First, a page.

for National Geographic News
Off the northeastern coast of Great Britain, fishing boats are swarmed by seabirds gorging on the undersized catch and fishy waste that is routinely discarded overboard. But as the number of discards are decliningpartly due to measures to conserve fish stockssome predatory birds have turned to eating their feathered fellows with more frequency, according to a new study.
As a consequence of this dietary shift, some defenseless bird communities face a threatening decline in their populations, said Stephen Votier, an ornithologist at the University of Glasgow in the United Kingdom.
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Votier is the lead author of a study on how reductions in discarded fish waste are affecting seabird populations. It is being published in tomorrow's issue of the science journal Nature.
The change in the food chaina result of conservation actions to protect overfished species such as codis exacerbated by a decline in sandeel, an alternate fish food for seabirds that is also a staple of fish meal, used in fertilizer and animal food.
For reasons scientists do not fully understand, sandeel populations fluctuate widely and wildly. They are currently at historic lows despite the fact that the North Sea sandeel fishery has been closed since the year 2000. The eel-like fish swim in dense shoals or bury themselves in sandy sediments, and many seabirds catch them to feed their young.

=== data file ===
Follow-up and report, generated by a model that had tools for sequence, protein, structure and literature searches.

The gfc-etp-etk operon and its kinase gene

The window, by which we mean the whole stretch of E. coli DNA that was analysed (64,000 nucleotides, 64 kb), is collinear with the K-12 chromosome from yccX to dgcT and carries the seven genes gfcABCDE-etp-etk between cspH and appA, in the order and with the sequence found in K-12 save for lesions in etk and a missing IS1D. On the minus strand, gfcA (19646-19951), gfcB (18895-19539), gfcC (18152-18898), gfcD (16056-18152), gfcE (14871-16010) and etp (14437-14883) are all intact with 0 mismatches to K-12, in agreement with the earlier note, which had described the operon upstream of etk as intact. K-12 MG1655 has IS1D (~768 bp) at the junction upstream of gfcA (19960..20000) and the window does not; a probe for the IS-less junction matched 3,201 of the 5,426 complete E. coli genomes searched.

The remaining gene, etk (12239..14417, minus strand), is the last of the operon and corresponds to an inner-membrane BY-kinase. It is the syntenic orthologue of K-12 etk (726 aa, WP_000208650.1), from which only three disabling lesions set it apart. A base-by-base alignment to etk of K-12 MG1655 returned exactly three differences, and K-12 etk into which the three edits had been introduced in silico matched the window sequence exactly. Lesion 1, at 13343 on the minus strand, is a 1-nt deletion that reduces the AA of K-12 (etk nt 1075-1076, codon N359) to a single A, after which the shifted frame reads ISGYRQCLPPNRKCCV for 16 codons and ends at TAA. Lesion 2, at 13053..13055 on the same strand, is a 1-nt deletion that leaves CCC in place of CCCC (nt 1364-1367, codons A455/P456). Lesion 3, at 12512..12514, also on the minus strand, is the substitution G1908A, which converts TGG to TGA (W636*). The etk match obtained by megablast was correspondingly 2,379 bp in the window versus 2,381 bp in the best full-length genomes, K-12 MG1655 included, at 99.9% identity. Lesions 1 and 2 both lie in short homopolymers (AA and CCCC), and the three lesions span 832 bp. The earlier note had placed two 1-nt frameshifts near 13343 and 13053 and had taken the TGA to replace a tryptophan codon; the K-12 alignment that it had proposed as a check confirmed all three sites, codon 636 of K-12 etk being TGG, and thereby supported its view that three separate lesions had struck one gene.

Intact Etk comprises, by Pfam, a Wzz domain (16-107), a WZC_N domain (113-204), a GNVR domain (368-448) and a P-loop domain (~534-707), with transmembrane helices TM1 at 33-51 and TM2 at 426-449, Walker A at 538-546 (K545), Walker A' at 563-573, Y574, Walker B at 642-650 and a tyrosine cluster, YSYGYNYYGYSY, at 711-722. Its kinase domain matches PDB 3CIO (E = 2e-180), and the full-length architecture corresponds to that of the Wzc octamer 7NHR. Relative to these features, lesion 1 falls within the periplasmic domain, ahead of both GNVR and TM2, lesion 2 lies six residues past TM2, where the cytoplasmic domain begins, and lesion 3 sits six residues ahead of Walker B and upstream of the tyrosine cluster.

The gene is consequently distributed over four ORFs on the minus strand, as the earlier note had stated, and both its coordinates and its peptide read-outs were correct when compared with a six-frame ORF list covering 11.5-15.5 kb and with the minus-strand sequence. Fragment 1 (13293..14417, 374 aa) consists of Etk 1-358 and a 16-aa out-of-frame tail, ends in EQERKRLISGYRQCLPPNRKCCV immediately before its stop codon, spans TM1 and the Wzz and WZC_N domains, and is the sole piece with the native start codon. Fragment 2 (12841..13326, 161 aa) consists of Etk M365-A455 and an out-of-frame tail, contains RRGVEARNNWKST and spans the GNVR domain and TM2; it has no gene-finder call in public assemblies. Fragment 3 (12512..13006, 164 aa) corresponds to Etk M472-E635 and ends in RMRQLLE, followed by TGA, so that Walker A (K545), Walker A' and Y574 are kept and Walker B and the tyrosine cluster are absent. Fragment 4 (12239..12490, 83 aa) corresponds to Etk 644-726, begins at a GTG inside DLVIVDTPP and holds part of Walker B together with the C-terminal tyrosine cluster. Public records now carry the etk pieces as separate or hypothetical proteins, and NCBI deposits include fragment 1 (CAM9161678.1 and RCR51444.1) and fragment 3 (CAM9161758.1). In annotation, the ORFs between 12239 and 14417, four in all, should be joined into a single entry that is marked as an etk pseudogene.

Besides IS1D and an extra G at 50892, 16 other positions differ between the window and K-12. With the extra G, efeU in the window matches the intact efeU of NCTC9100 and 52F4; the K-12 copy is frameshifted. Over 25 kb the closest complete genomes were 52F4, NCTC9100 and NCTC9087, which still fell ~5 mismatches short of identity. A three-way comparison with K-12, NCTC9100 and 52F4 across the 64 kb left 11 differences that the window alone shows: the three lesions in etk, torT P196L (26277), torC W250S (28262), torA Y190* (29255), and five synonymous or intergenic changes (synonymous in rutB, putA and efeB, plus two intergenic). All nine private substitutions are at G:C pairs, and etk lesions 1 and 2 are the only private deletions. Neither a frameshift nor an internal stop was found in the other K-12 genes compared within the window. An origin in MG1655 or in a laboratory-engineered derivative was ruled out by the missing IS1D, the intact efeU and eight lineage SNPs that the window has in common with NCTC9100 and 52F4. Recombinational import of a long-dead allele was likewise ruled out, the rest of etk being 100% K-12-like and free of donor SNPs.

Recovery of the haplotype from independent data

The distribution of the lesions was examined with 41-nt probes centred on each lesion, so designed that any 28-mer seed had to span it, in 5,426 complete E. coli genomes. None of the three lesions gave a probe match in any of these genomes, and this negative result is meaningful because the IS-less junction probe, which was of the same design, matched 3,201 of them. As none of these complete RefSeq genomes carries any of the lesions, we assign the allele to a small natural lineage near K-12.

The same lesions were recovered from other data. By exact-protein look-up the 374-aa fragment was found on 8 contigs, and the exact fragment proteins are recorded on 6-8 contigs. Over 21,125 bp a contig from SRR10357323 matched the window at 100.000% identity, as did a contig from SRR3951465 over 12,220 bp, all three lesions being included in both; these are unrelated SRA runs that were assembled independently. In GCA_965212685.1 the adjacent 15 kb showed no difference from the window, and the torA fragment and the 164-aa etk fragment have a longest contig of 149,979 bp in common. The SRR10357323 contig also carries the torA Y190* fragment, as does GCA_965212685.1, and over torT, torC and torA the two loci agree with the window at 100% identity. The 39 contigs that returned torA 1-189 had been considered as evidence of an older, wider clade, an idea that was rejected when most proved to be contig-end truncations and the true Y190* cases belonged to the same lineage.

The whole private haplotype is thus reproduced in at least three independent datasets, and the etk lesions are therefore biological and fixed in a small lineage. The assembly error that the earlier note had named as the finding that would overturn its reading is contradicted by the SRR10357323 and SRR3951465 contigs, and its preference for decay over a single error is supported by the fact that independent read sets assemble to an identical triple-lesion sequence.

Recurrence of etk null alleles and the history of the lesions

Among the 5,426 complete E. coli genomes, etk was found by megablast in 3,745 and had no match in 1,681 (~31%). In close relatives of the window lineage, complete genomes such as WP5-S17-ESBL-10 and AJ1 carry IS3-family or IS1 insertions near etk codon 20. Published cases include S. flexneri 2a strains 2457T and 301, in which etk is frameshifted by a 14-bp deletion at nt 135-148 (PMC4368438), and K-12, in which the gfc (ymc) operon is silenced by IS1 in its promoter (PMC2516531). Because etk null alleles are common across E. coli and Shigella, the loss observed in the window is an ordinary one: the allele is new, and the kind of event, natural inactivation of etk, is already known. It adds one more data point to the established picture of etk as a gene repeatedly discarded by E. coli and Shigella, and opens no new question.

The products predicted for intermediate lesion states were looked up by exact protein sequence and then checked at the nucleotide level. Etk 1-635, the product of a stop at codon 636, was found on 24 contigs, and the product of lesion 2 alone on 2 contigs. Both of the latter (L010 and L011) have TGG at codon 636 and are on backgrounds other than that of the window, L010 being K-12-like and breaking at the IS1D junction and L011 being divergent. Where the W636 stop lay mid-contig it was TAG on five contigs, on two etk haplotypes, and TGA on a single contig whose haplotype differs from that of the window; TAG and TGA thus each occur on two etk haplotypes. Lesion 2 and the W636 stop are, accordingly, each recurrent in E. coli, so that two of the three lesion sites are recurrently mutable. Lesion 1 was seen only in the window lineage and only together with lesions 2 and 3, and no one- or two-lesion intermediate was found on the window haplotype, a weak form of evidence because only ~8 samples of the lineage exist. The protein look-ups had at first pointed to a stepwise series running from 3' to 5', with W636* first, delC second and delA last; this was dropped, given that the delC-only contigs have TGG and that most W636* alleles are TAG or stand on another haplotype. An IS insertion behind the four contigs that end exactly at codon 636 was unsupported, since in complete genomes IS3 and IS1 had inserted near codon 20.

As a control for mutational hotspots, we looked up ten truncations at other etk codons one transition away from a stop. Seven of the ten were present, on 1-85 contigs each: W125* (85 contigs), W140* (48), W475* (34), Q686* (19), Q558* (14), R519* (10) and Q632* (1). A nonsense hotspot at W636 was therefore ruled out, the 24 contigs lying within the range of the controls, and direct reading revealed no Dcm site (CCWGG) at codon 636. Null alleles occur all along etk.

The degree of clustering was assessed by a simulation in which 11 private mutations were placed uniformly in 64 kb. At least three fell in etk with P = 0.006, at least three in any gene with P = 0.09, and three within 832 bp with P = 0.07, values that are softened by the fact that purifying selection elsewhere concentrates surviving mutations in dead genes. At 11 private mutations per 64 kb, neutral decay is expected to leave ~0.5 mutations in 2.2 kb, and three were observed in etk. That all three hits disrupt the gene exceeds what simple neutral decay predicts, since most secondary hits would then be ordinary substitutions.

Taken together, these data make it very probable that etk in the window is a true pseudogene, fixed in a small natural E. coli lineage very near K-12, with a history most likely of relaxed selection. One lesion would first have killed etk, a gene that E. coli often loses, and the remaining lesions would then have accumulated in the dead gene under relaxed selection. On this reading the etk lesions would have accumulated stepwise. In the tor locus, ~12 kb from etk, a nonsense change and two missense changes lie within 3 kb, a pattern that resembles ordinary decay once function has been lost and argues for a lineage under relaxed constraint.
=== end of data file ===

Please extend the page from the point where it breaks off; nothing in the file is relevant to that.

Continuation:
Rather than using the study findings to advocate a return to higher fishing quotas for cod as a means to increase levels of discarded fish for the seabirds, Votier and his colleagues are calling for measures to better understand and conserve sandeels. Ultimately, they would like to see an end to the practice of discarding fish overboard.
"When they do stop discarding, the system will take a jolt, but it should return to a natural equilibrium within a period of time," Votier said. "The most sensible of actions is to actually stop discarding."
Euan Dunn, a marine policy officer with the United Kingdom's Royal Society for the Protection of Birds (RSPB), agrees with the authors' key finding: that great skuas are increasingly preying on other seabirds. Dunn proposes a similar conservation action as the researchers.
"We certainly don't advocate the maintenance of discarding for the benefit of the birds," he said. "But management could embrace the concept of maintaining alternative prey in the form of sandeels, especially as the latter are not caught for human consumption."
At 4.5 pounds (2 kilograms) and 2 feet (61 centimeters) long with a 4.5-foot (137-centimeter) wingspan, the great skua is described by the RSPB as an "aggressive pirate of the seas."
The bird shows little fear of humans, harasses other big predators to steal their meals, and routinely kills and eats small birds such as black-legged kittiwakes, Atlantic puffins, and common guillemots.
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